Is Fasting Okay?
Brief periods of fasting may not harm healthy adults, but people should check with a doctor or registered dietitian nutritionist before trying a new eating pattern, especially if they have underlying health conditions. It’s also important to eat a well-balanced diet during your eating window, including enough calories, protein, fiber and vitamins and minerals, says Accetta.
The goal of fasting is to help people eat less and maintain or lose weight, but it’s not for everyone. In particular, diabetics should avoid it until their glucose and insulin levels are normalized. Also, pregnant women should not fast, as it can have negative effects on the unborn baby. Those with hypoglycemia should check with their doctor before trying it, as well.
The most common types of fasting include the 5/2 plan (where you eat a limited amount of calories on two days each week) and the periodic or religious fast, which is an extended abstinence from food for spiritual reasons. People often use it to pray, meditate, or seek God’s guidance and healing.
It’s best to start with small periods of time, and work your way up to longer fasts. This will help ease your body and mind into the change. It’s important to stay hydrated, so make sure to drink plenty of water while fasting. If you have trouble remembering to drink water, try putting up sticky notes around the house or setting reminders on your phone. Also, try to mix up your daily routine to keep yourself from becoming bored with the same routine over and over.
If you’re doing a time-restricted fast, it’s a good idea to stick with low-calorie liquids like water and black coffee or tea. You can also add some zero-calorie artificial sweeteners, but be careful, as they can trigger cravings and make you eat more. If you’re going to eat, be mindful and take your time with each meal. Eating too quickly can lead to overeating, especially if you’re returning from a period of fasting. Slowly reintroduce solid foods, starting with things like yogurt or soup. Make sure to chew thoroughly and savor each bite. This will prevent overeating and gastrointestinal distress, such as constipation or diarrhea. If you have any questions about a particular type of fast, consult your doctor or review some health books on the subject.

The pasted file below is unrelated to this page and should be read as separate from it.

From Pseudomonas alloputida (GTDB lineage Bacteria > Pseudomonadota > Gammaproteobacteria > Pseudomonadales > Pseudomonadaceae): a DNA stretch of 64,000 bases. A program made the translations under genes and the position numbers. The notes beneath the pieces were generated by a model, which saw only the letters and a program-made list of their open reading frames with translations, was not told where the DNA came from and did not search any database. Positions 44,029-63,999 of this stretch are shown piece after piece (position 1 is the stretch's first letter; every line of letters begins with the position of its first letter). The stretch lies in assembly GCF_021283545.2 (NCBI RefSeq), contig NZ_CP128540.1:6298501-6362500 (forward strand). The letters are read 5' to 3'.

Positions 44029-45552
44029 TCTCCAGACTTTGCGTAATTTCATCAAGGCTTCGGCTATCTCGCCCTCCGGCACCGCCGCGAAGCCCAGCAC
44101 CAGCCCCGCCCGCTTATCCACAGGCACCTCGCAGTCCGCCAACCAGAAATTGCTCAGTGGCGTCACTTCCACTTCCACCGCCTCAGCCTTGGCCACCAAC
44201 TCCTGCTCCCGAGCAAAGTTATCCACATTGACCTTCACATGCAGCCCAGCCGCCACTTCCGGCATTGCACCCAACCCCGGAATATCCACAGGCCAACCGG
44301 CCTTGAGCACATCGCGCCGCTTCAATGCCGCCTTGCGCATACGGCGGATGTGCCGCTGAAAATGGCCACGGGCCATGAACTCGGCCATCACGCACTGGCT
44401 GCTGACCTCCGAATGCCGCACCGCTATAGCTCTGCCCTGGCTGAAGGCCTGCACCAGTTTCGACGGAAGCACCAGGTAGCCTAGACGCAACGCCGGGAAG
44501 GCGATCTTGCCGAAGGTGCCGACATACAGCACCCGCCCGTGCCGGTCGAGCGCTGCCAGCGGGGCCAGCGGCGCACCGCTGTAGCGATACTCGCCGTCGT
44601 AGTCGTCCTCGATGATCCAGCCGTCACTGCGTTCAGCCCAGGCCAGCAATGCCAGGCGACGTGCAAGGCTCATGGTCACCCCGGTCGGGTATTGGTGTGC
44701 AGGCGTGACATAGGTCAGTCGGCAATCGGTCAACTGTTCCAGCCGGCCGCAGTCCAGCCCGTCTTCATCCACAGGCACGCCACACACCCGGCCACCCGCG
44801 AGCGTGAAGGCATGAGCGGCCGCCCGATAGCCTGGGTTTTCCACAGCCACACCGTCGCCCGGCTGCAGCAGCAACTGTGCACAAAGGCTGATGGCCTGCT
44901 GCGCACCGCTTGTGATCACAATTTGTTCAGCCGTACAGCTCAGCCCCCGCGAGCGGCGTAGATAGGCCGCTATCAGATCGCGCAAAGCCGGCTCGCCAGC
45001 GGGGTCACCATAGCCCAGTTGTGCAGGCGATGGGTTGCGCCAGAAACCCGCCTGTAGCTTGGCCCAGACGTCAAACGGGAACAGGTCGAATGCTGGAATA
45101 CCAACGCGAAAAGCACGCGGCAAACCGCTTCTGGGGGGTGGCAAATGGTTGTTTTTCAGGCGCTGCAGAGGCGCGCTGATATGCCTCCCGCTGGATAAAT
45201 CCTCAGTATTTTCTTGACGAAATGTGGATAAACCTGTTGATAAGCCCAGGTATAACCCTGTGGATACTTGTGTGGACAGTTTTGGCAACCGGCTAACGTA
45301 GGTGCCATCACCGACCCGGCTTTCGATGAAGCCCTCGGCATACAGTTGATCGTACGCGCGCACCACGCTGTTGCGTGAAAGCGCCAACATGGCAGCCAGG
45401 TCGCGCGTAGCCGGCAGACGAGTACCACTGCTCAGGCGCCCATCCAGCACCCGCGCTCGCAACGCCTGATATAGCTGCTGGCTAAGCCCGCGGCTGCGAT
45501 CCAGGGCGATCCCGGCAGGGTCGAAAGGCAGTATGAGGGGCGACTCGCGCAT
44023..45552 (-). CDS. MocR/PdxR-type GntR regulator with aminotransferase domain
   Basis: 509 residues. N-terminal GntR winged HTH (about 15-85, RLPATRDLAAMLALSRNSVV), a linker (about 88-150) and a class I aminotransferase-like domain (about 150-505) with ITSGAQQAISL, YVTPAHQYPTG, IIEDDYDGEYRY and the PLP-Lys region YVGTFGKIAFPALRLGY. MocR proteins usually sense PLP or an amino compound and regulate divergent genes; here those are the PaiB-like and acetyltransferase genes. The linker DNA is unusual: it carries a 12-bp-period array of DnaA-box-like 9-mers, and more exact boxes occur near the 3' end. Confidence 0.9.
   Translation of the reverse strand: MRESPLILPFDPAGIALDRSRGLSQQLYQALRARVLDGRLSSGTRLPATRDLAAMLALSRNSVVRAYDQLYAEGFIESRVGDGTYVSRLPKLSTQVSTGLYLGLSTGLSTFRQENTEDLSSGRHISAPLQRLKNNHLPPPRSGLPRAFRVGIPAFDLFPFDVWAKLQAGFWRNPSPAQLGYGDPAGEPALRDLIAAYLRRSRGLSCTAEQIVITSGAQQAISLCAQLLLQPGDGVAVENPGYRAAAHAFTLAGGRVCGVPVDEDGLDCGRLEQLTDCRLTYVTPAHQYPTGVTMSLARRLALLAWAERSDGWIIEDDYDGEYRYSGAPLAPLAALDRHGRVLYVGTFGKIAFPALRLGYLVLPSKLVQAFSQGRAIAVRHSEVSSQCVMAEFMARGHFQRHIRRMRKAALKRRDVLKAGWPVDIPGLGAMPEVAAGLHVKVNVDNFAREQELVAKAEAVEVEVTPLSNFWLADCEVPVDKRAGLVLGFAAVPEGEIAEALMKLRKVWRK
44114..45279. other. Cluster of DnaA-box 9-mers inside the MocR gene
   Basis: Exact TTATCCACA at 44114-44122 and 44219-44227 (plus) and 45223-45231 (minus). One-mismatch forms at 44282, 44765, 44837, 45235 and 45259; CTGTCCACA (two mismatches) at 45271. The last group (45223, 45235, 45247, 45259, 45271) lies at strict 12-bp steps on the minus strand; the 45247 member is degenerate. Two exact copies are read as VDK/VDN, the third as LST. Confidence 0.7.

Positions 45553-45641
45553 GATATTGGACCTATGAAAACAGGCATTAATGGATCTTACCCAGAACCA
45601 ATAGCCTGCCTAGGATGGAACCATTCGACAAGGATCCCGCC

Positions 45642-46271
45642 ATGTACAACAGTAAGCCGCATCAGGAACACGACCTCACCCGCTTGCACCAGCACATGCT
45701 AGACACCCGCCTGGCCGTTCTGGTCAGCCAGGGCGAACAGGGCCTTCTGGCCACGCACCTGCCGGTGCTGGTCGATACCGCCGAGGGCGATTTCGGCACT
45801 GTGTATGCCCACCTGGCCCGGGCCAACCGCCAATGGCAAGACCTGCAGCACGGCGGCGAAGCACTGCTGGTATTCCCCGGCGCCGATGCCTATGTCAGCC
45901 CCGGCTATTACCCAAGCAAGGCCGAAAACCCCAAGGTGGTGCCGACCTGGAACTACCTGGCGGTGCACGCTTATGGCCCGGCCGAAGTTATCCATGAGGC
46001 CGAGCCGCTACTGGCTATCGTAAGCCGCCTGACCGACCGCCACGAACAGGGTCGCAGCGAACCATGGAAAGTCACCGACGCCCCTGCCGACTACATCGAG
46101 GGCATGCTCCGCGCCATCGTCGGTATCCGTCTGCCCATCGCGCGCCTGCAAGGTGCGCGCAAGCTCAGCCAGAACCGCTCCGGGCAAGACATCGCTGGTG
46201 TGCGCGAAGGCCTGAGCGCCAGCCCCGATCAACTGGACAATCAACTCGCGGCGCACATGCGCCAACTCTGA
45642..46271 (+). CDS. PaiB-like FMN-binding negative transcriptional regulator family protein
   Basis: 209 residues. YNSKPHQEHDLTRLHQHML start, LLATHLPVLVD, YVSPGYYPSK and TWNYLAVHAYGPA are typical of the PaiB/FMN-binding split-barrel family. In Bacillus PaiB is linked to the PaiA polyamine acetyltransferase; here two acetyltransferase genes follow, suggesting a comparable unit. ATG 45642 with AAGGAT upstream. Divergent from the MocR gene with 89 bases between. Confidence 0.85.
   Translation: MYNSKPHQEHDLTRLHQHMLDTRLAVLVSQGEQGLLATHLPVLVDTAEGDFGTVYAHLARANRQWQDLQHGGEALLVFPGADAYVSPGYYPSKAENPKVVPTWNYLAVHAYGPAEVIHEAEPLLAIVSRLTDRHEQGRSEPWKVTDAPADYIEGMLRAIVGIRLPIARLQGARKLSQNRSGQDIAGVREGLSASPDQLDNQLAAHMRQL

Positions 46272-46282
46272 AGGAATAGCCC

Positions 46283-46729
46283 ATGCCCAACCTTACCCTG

When paired with healthy eating habits, fasting can help you reach your health goals. It is not recommended for everyone, however, especially those with a history of disordered eating or those taking certain medications. If you are thinking about trying intermittent fasting, speak with your primary care provider first.
There are a variety of ways to incorporate fasting into your diet, so it’s worth exploring until you find what works for your lifestyle and health goals. The most common practice is an alternate day or time-restricted diet, but there are others as well. It is best to start slow and then adjust the routine as you get used to it.
The human body was adapted to long periods of not eating. Our ancestors hunted and gathered for food, which meant that they often went many hours without eating. During this time, the body would use up its glycogen stores for energy until those ran out, and then turn to fat for fuel. When you do a prolonged fast, your body will go through the same process.
During the fast, it’s important to stay hydrated. Water, tea, and coffee are allowed during the eating window, but you should avoid sugary beverages and limit your caffeine intake. If you are feeling hunger, try to distract yourself or change your environment. Remember that the feeling of hunger will pass, and it is not necessarily a sign of a problem.
When you’re ready to break your fast, be careful not to eat too much at once. This can cause bloating and discomfort. Also, be sure to eat a balanced meal, and consider adding protein. It can be helpful to talk to a licensed mental health professional before you start intermittent fasting, so that you are aware of any potential triggers for disordered eating. Then, you can work with a therapist to keep your cravings in check and prevent relapses.